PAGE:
Duck decoy spread details

The key to effective decoy spreads is to make them realistic.
The key to effective decoy spreads is to make them realistic.

Increasing realism ultimately leads to more birds on your strap

Larry Reynolds criss-crosses the Louisiana coastline multiple times each fall — cruising at 100 knots with a bird’s-eye view from just 125 feet up, estimating the number of ducks that have arrived in the state’s ag fields and coastal marshes.

The waterfowl study leader for the Louisiana Department of Wildlife and Fisheries since 2008, Reynolds spends several days each fall in the seat of an airplane staring out at a variety of habitat during those annual surveys.

As you might expect, in even the slowest of years, he sees thousands and thousands and thousands of birds — and observes how they move about and interact on the landscape.

In the course of estimating the number of birds calling the Bayou State home each winter, the biologist also comes across hunters’ efforts at producing realistic decoy spreads from his seat in the plane — and well, let’s just say some are better than others.

Keeping your decoy spread looking real

“When I can look at a decoy spread and go, ‘That doesn’t look like ducks,’ I gotta believe a duck does the same thing,” Reynolds said. “Hunters have to be aware of what ducks look like on the water. They don’t universally mix around, and they don’t sit in large regular groups. When I see regularity, I know it’s not ducks. Whenever there is a discernible pattern, I know it’s not ducks.

“Ducks don’t sit in a ‘J,’ they don’t sit in an ‘H’ and they don’t sit in two teardrops opposed to each other with a big lump on the levee between them.”

On his 150-acre lease in the marsh in Cameron Parish, he keeps things pretty simple for the opening of the season.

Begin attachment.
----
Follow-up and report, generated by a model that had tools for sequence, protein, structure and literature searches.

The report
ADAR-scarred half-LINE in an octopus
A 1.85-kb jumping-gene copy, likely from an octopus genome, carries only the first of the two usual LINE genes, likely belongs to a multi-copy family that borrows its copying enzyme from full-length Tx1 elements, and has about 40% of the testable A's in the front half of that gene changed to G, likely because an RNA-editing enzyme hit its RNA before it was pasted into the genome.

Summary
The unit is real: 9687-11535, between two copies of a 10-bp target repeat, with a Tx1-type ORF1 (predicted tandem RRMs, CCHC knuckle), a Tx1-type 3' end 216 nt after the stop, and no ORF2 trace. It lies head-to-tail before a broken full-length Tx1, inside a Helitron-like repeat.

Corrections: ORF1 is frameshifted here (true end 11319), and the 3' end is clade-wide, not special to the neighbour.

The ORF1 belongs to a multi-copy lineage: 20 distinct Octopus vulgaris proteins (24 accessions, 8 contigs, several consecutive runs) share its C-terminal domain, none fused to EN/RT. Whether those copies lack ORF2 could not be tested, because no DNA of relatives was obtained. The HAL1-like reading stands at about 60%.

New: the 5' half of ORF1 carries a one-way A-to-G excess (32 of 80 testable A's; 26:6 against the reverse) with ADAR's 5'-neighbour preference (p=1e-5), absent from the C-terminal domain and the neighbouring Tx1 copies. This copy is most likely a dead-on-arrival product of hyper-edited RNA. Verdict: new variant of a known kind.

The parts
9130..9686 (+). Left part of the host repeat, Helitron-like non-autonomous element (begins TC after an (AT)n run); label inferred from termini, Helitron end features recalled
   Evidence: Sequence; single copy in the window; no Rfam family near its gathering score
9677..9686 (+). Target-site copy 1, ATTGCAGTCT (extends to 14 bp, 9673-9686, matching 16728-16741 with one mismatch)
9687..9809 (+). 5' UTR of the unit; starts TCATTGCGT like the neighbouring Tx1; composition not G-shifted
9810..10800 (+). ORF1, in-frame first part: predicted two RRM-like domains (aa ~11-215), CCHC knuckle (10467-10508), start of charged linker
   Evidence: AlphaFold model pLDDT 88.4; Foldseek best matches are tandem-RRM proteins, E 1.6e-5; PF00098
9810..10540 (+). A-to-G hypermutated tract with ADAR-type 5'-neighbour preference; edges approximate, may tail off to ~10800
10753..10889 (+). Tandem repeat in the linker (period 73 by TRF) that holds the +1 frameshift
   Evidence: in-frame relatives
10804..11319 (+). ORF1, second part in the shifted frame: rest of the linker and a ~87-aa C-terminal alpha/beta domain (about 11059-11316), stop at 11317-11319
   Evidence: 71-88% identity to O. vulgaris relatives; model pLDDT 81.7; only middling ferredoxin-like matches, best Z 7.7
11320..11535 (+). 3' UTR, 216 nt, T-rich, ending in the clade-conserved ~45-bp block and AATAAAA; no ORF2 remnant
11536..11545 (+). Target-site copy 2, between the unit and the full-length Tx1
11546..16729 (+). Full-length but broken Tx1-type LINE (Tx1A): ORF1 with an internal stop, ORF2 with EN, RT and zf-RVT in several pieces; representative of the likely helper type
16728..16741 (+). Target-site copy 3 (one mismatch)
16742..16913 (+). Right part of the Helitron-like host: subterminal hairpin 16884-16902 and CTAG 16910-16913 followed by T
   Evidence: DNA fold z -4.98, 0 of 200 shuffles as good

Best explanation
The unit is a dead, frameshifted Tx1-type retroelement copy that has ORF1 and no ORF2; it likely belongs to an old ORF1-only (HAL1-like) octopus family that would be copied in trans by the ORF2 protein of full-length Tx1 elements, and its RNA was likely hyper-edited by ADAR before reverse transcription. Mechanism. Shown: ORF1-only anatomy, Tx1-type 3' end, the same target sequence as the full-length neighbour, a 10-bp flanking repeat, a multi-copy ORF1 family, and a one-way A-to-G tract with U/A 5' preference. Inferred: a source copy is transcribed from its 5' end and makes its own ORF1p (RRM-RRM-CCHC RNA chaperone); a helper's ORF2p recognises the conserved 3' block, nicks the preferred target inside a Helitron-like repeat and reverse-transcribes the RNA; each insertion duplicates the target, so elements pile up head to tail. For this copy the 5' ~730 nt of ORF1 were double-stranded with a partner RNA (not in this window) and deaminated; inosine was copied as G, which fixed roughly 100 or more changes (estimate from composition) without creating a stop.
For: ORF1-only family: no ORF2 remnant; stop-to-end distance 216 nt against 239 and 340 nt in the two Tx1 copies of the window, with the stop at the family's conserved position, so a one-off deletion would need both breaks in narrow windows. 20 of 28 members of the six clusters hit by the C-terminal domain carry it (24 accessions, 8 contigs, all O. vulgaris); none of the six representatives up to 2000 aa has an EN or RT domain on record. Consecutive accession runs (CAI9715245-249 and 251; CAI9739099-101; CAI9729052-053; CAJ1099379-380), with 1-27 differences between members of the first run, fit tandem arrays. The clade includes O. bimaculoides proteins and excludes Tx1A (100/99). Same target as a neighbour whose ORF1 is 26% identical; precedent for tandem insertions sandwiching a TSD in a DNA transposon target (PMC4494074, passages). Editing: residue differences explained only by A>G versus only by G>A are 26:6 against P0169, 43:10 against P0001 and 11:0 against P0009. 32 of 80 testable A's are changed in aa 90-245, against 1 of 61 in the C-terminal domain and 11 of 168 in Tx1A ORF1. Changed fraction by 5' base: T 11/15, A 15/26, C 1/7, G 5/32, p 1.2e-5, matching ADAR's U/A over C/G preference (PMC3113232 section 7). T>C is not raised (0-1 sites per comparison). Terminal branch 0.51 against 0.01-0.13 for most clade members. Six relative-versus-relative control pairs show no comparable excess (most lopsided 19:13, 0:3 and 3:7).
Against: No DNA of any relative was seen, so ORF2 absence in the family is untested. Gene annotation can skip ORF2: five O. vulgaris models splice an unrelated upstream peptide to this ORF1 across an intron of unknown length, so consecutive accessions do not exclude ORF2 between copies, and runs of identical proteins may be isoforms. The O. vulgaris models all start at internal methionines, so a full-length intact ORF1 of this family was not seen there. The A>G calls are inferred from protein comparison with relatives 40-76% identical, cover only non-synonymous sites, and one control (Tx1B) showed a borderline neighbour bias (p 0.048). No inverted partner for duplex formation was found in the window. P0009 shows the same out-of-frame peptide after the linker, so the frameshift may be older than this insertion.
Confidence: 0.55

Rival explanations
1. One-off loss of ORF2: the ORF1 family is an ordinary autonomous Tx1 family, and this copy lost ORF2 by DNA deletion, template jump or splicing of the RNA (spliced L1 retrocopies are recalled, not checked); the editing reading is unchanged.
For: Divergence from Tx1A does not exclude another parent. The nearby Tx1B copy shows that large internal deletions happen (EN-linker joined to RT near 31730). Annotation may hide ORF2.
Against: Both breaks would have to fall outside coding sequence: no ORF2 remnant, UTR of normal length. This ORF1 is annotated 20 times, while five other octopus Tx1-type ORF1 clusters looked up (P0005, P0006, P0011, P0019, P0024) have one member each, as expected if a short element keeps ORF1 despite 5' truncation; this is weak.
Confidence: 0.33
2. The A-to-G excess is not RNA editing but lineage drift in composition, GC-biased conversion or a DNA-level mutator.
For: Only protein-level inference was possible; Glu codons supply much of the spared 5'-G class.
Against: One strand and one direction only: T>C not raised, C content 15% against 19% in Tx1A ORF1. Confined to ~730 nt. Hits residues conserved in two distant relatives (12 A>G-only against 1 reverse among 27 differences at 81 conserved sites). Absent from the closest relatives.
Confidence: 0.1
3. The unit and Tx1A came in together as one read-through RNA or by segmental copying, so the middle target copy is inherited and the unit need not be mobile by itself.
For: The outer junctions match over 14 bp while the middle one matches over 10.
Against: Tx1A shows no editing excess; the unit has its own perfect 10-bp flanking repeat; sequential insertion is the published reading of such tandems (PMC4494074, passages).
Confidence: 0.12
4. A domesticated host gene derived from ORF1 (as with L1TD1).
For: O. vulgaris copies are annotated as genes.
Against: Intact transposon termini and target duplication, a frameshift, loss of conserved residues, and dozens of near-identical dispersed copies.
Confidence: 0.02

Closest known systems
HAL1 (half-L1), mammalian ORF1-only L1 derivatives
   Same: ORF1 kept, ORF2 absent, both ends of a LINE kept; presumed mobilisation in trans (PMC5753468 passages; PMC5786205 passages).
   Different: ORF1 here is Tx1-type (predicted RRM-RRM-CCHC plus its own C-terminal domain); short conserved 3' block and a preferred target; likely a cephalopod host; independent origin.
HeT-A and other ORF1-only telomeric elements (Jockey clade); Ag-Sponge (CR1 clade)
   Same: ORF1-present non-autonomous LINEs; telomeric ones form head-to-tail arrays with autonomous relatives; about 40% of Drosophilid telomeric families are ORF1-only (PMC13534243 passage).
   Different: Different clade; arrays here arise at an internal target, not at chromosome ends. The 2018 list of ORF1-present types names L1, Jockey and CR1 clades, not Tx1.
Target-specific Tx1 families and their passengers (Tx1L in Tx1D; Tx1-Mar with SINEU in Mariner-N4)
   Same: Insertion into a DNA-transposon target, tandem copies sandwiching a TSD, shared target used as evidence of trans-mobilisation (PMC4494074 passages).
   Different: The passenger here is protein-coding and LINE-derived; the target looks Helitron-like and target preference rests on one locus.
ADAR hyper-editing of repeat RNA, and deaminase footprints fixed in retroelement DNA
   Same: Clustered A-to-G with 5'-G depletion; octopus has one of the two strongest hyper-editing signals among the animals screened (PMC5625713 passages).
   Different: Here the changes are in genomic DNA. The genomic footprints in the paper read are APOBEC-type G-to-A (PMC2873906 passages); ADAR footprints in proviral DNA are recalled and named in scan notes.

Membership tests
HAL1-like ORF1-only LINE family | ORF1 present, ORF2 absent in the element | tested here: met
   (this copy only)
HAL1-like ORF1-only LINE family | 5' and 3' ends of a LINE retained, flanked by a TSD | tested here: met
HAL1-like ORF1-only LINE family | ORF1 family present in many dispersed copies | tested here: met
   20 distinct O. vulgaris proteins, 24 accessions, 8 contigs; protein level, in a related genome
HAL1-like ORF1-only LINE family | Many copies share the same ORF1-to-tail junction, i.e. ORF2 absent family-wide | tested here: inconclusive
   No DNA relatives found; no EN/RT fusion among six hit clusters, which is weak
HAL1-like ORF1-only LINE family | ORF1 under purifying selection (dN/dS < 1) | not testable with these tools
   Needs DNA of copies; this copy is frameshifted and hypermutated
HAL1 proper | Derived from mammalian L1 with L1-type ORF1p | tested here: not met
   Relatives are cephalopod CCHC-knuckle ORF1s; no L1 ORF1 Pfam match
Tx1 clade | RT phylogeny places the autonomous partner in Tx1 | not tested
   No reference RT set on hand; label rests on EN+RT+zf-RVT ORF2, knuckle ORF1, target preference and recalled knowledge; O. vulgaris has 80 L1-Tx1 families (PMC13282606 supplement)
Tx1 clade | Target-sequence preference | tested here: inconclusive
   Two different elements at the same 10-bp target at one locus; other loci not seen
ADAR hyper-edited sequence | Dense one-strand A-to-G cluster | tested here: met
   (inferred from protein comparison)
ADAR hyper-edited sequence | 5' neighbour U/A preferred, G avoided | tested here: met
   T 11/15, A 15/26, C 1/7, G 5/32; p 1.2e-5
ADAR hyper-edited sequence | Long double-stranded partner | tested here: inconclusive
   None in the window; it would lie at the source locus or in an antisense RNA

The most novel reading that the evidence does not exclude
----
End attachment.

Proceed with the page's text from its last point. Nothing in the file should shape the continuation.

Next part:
“I start out in my biggest pond with a pretty good spread of 70 decoys,” Reynolds said. “Typically, I start out with three dozen teal decoys, six hen mallard decoys to represent mottled duck pairs, then I’ll use a dozen or so pintail decoys out in the more open parts of the ponds.

“I’ll throw in another two dozen or so gadwall decoys in small groups.”

As the season progresses, Reynolds drastically downsizes his spread and seeks out smaller ponds on his lease as dabblers pair up and become less social.

“By the time the season ends, I’m hunting with typically a dozen decoys, and that will include a couple of hen mallard decoys, five teal decoys and couple of mallard decoys,” he said. “So the adjustments that I make on my little patch of ground are primarily based on the behavioral differences of the ducks ….

“Build some irregularity into your spread to increase the realism. No matter what, you’re going to be more successful if you increase the realism.”

Spinning dekes

As for spinning-wing decoys, Reynolds says they definitely catch his eye when he flies the January aerial survey while hunters are out in the field.

“When those spinning-wing decoys are on, I can see them for miles,” he said. “They really do look like ducks flapping their wings, so I can absolutely see why they attract ducks.”

But Reynolds uses a spinning-wing decoy only during teal season. If you feature one in your spread during duck season, he suggests using it in moderation via remote control.

“If they’re continuously spinning, you look at that and go, ‘That’s not realistic,’” he said. “They do it in a way that becomes predictable and overdone.

“My conclusion is that anyone that just uses a plain spinning-wing decoy for the entire season has definitely got to see a reduced response, and I think they’ll probably see avoidance of their spread late in the season.”

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Patrick Bonin is the former editor of Louisiana Sportsman magazine and